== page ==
Sunday, January 21, 2007

Mark and Jill

The marriage of

Mark to Jill

Saturday 20th January 2007

Order of Service

Mark and Jill to greet guests as they arrive. (4:30pm)

Welcome and introduction of John Hutchinson.

My name is Marcus Holt and apart from being a taxi driver, my day job is as the chaplain of Busselton SHS. While that gives some idea of why I’m performing this wedding ceremony, the real reason is that Jill and I are old friends, having gone to school together at Carine. It’s an honour to be able to marry her and Mark today. Thank you all for coming.

This is a very special day. All weddings are special but when it’s yours it can become one of the greatest days of your life.

In honour of this special day and our long friendship I arranged a couple of extra things to make it memorable, firstly there was a parade through the streets of Busselton this afternoon with hundreds of people lining the streets,(The Busselton Festival Street Parade) and secondly, I’ve organised a special light show tonight courtesy of Comet McNaught in the south western sky just after sunset. Please accept these as my gifts to you!

Marcus: (to the audience)

To you, the family and friends of Mark and Jill, as you bear witness to this marriage, will you promise to do all in your power to uphold and care for these two in their life together?

Audience: We will

Wedding message: Marcus Holt
See Below

Exchange of marriage vows:


Mark, will you take Jill to be your wife so you can openly share your life together?

Will you give her the honour due to her as your wife and promise to love, protect and support her through all of life’s celebrations and challenges for as long as you both shall live?

Mark: I will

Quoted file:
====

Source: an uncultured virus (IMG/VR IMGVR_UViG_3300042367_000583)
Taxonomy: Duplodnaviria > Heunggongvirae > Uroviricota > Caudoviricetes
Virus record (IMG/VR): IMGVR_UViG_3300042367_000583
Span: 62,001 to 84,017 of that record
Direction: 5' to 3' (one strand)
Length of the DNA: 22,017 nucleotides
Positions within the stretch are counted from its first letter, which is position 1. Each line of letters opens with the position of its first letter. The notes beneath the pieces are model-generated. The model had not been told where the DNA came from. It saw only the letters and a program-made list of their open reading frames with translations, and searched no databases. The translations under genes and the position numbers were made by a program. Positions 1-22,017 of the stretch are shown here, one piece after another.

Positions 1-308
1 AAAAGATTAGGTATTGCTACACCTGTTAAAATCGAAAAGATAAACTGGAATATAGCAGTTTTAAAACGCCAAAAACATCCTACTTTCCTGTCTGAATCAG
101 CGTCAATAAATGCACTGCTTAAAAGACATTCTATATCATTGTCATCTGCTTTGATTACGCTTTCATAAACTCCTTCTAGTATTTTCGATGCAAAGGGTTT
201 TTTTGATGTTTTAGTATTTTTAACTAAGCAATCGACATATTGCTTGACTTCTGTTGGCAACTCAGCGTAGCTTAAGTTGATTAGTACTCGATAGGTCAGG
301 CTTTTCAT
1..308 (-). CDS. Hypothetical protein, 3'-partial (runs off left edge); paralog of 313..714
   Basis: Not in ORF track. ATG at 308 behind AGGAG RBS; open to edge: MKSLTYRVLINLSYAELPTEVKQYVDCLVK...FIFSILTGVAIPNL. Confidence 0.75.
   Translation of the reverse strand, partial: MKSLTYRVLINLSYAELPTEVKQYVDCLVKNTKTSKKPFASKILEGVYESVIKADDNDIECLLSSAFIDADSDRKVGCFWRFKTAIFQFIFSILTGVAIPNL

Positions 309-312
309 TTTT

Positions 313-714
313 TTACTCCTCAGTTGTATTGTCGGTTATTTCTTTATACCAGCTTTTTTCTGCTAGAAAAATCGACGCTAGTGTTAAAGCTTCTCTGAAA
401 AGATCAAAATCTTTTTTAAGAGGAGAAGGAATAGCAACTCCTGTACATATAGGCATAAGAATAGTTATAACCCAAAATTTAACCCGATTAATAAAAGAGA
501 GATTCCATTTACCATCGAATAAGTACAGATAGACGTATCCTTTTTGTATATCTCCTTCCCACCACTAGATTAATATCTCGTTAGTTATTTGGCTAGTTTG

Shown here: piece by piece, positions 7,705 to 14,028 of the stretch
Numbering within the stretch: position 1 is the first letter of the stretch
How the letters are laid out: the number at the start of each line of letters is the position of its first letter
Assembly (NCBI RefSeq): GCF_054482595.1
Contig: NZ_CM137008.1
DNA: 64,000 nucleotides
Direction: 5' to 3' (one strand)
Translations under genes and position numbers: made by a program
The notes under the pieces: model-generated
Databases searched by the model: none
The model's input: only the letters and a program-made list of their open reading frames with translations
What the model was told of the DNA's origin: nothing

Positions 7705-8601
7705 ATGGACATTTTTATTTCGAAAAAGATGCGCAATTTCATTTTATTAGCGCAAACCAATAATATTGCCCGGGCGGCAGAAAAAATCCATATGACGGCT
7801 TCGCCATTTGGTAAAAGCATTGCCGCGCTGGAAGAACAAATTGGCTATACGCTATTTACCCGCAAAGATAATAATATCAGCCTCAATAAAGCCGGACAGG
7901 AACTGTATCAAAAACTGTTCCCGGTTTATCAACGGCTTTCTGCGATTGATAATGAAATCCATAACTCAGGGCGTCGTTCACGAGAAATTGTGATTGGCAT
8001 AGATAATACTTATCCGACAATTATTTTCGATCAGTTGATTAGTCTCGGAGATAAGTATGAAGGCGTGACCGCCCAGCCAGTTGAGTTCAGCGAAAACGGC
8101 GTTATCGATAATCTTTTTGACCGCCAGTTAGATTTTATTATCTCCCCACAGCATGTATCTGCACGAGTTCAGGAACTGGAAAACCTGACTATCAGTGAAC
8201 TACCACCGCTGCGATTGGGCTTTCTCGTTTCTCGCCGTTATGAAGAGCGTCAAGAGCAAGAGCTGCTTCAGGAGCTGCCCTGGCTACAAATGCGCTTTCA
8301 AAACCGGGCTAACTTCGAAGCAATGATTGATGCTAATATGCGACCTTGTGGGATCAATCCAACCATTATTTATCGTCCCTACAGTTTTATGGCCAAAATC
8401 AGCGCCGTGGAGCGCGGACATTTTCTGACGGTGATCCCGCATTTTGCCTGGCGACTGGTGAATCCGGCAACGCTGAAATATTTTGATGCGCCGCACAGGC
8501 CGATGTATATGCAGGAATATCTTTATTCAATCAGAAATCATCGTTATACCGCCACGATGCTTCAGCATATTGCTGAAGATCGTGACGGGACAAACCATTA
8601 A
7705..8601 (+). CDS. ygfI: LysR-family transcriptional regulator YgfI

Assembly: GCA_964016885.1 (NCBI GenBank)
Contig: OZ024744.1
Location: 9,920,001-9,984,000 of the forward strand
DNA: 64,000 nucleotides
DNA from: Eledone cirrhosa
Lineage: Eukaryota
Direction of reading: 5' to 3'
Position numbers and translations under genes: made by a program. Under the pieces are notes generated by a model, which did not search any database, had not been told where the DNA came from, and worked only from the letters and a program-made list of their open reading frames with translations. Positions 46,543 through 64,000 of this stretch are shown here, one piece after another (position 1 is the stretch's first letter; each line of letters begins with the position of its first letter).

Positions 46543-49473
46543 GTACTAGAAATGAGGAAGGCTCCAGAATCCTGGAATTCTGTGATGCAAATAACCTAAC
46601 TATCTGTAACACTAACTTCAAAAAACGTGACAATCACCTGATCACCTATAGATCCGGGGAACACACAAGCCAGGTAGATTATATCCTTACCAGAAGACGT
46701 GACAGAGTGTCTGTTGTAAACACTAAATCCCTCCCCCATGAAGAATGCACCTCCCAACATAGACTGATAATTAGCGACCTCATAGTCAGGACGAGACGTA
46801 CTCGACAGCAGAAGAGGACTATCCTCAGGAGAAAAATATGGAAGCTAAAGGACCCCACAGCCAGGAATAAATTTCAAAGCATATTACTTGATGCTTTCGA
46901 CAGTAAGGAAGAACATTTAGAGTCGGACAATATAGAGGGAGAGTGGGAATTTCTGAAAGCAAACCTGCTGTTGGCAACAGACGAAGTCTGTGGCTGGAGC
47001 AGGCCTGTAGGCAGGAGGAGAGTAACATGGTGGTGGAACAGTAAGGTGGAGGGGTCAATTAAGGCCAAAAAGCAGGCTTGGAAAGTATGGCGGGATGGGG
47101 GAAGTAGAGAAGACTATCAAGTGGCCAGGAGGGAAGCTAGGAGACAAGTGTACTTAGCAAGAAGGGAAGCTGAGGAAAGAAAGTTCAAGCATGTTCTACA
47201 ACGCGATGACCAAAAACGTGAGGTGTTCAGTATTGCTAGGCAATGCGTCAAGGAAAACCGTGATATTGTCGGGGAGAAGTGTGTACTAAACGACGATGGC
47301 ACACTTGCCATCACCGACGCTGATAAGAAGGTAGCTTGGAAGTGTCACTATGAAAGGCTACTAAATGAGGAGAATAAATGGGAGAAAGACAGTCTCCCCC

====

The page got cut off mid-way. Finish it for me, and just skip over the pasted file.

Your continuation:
Jill, will you take Mark to be your husband so you can openly share your life together? Will you give him the honour due to him as your husband and promise to love, protect and support him through all of life’s celebrations and challenges for as long as you both shall live?

Jill: I will


Marcus: Please join hands and repeat after me


I, Mark, take you, Jill,

to be my wife and partner from this day forward.

I give you my hand and my heart.

I will be yours in times of sickness and health,

in failure and triumph.

I promise to love and respect you,

care for you and laugh with you

and cherish you for as long as we both shall live.


I, Jill, take you, Mark,

to be to be my husband and partner from this day forward.

I give you my hand and my heart.

I will be yours in times of sickness and health,

in failure and triumph.

I promise to love and respect you,

care for you and laugh with you

and cherish you for as long as we both shall live.

Marcus: intro to ring ceremony. (Rings presented by nephews of Mark and Jill)

It is traditional for husbands and wives to exchange rings on their wedding day. Rings are symbolic in a number of ways. They are made of precious metal representing the high value and purity of marriage; are circular, representing eternal things, and mirror one another signifying that both partners have equal responsibility in ensuring a successful marriage. They are intended to be worn at all times, as a sign to the world that the wearer belongs to another, is committed to their partner, and, as a reminder to the wearer, of the promises they have made; to fidelity, to honour and to love.

Mark: Jill, I give you this ring as a seal of my promise

and as a symbol of my love.

Jill: Mark, I give you this ring as a seal of my promise

and as a symbol of my love.

Declaration of Marriage: John

By the authority of the laws of Australia and in the sight of these witnesses, I now pronounce you husband and wife.

Marcus: You may now kiss.

Signing of the register: Music: Nick Cave Into my Arms

Conclusion: by Marcus, including a prayer of blessing.

Presentation: Ladies and gentlemen, I am pleased to present, Mr and Mrs Haydock.

Recessional: Music: Sail Away, David Gray

Message for Mark and Jill's Wedding